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Falling Down Goes Up With Age

Seniors Are More Susceptible To Taking A Fall

In the U.S., falls are the leading cause of injuries in people 65 years old and up. Understandably, accidents and health conditions are the leading culprits. What's really surprising is that most of the falls occur at home, while performing common activities.

What causes the falls? Balance can be affected by medications, alcohol, heart disease, low blood pressure or arthritis. Poor eyesight and hearing, decreased coordination and strength, slower reflexes and other disabilities can be factors. Within the household, worn carpets, newly positioned furniture, clutter on the floor, poor lighting, electric wires, stairs and wet floors can lead to trouble.

Fortunately most falls are minor and result in a quick recovery. But the severity of injury increases with age with the most common injuries being head traumas and fractures to the hip, wrist and spine. Even when there is no physical injury, there can be a dramatic affect on the senior and their family. Fear of future falls can decrease confidence, which can lead to less independence and social life.

Stairways in the home of a senior can be a hazard. Make sure there are sturdy handrails on both sides, the steps are clear, the surface is in good condition and the lighting is bright.

Statistics & What To Do

Statistics

  • Each year about 30% of the seniors over the age of 65 take a fall.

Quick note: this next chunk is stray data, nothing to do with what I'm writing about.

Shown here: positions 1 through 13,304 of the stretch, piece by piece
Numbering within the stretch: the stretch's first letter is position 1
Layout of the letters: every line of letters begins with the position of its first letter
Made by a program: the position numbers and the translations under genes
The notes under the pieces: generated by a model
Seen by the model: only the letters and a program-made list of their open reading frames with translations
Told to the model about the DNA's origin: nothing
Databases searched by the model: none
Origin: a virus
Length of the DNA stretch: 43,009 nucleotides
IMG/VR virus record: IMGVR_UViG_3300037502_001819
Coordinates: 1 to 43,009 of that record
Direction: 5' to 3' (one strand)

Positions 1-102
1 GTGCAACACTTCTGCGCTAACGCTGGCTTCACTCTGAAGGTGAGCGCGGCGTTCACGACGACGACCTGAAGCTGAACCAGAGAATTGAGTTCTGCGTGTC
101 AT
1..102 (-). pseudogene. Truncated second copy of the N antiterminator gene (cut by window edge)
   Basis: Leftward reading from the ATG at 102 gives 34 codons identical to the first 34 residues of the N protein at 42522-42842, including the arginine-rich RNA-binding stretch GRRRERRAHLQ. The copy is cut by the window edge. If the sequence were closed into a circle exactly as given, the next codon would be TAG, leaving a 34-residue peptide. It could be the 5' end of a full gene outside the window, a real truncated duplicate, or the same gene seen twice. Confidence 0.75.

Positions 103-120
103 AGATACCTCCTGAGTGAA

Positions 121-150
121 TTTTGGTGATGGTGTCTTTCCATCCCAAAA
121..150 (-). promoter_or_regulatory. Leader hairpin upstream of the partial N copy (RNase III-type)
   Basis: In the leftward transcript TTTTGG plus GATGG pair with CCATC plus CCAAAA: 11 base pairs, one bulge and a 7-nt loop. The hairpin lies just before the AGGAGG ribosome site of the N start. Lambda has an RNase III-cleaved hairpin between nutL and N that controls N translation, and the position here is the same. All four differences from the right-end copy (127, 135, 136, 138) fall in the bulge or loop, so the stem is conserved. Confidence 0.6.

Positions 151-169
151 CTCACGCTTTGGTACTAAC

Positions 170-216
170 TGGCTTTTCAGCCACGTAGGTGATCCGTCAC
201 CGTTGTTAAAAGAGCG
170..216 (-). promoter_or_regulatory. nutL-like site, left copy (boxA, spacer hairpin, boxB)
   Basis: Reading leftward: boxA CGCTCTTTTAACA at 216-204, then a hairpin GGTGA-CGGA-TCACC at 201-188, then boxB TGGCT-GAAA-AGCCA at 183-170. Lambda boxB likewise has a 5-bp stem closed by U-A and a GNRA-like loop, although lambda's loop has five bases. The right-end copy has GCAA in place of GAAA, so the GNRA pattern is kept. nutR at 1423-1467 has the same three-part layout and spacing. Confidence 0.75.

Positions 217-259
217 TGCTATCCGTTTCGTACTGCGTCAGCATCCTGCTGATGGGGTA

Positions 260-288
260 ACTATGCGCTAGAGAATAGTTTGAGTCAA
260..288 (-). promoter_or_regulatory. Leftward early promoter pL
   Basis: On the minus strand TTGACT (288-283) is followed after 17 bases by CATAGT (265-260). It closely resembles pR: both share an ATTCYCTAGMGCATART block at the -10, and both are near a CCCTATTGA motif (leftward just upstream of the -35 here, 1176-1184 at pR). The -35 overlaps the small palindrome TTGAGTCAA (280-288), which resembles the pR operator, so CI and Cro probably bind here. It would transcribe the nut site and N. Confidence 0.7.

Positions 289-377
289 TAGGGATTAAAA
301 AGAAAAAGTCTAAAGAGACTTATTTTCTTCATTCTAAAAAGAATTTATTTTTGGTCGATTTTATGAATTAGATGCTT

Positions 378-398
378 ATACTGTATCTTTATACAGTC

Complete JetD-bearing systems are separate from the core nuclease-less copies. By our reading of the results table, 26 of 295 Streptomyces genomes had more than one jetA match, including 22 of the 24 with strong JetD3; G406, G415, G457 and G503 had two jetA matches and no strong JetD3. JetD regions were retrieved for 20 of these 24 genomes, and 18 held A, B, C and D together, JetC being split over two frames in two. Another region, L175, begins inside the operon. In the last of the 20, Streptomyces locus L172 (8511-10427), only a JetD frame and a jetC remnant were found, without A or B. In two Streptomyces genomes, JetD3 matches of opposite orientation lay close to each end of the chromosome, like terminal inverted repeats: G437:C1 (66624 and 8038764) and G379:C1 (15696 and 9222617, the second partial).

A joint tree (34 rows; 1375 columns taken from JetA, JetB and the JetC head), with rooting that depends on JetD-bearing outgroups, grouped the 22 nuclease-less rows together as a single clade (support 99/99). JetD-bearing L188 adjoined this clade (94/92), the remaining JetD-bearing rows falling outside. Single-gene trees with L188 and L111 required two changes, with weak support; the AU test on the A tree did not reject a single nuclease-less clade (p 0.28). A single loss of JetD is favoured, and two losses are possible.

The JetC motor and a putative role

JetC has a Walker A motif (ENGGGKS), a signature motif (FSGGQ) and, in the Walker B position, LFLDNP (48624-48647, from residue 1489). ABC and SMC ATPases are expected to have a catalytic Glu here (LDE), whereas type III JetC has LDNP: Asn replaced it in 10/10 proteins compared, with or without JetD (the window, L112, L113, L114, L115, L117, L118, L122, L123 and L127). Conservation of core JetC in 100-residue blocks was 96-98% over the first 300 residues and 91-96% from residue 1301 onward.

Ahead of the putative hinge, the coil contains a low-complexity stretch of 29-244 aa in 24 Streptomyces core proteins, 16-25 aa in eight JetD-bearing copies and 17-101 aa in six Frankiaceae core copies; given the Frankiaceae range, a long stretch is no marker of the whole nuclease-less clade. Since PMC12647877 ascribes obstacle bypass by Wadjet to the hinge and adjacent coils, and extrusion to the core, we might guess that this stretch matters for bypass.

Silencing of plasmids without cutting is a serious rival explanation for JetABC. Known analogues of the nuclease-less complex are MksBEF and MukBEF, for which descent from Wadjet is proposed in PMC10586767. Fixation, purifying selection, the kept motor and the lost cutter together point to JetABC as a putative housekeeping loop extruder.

• Each year at least 250,000 hip fractures in the elderly are treated in U.S. hospitals with 95% the result of falling, usually sideways.
  • 1 in 4 women over the age of 90 has fallen and fractured their hip. For men, it is 1 in 8.
  • In the U.S., the overall cost of treating the injuries caused by falling is in the area of $34 billion per year (2013).
  • Hip fractures make up the majority of the cost because they are so numerous and cost about $35,000 per person.

How To Respond To A Fall

  • DON'T PANIC. This could lead to inaction, improper action and increased injury.
  • Assess if you are hurt, what your mobility is and what your options are.
  • Try to get up. There is a good chance your balance and confidence will be shaken, so ask someone for help and support.
  • If alone, crawl over to the nearest chair, couch or stable piece of furniture and use it to support your effort to get up.
  • If you can't get up, crawl to a telephone, pull it to the floor and call for help.
  • If the above suggestions are not possible, stay calm and call out for help.
(Sources: Amer. Academy of Orthopaedic Surgeons, CDC)